Leslie Yeo received his Ph.D. from Imperial College, London in 2002 and is currently an Australian Research Council Future Fellow and Professor of Chemical Engineering at RMIT University, Australia. Prior to this, he was a postdoc at the University of Notre Dame, USA and a faculty member of the Monash University, Australia. Leslie is co-author of the book Electrokinetically Driven Microfluidics & Nanofluidics (Cambridge University Press), and has over 100 journal publications and 20 patent applications. He is currently the Editor of Biomicrofluidics (American Institute of Physics) and editorial board member of Interfacial Phenomena & Heat Transfer and Scientific Reports.

Evelyn Yim, National University of Singapore, Singapore

Evelyn Yim received her Ph.D. in Biomedical Engineering at the Johns Hopkins University before performing her post-doctoral training at the Johns Hopkins School of Medicine and Duke University prior to her employment at the National University of Singapore as a faculty member in the Division of Bioengineering and Department of Surgery in 2007. Her research interests in understanding how chemical and biomechanical cues influence stem cell behavior spurred her to join the Mechanobiology Institute Singapore in 2009. Experienced with nanofabrication technologies and stem cell culture techniques, Evelyn and her group are interested to apply their knowledge on material-stem cell interaction to direct stem cell differentiation and tissue regeneration for neural, vascular and corneal tissue engineering.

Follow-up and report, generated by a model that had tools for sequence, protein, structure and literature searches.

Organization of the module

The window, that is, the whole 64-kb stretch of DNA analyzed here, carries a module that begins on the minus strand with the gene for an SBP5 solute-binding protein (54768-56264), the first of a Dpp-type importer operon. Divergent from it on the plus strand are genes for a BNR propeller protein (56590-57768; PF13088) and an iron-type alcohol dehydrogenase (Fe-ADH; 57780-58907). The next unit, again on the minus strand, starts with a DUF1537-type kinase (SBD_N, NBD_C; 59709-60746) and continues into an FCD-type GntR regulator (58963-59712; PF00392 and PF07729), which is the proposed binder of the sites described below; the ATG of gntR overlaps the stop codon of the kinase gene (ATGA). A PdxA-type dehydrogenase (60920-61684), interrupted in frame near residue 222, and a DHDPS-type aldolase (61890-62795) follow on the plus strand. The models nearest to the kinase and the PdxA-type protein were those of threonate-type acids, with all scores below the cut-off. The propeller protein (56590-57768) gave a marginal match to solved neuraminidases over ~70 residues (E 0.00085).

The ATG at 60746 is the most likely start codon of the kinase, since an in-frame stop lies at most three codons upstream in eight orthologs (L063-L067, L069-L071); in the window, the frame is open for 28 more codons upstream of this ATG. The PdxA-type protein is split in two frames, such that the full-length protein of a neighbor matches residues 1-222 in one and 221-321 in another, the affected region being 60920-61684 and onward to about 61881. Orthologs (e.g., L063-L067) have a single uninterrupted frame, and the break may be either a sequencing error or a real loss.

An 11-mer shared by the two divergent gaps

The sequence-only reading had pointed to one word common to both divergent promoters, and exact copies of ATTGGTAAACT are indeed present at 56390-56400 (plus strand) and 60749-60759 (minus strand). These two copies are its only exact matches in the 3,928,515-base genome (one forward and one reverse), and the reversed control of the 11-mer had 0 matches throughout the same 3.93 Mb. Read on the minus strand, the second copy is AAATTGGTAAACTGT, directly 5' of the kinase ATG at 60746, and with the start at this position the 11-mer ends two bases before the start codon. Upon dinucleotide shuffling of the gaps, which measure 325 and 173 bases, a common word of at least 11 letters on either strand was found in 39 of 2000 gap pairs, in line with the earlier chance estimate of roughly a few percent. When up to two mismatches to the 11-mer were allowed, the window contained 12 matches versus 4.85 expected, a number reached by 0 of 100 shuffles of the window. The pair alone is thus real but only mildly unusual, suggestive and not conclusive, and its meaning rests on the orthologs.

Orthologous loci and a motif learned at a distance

Tao Zhang, Dalian Institute of Chemical Physics, China


Abstract Submission Deadline:
August 15, 2014 (Extended)

Abstract Acceptance Notification:
September 19, 2014

Early Bird Registration Deadline:
October 1, 2014

Online Registration Deadline:
November 15, 2014

Symposium Dates:
December 8-9, 2014


Early Bird Rate:
(By October 1, 2014)
Delegate: SGD 428.00
Affiliate: SGD 321.00
SBE Member: SGD 321.00
Student: SGD 214.00

Regular Rate:
(From October 2, 2014)
Delegate: SGD 535.00
Affiliate: SGD 428.00
SBE Member: SGD 428.00
Student: SGD 267.50

Student Forum:
SGD 53.50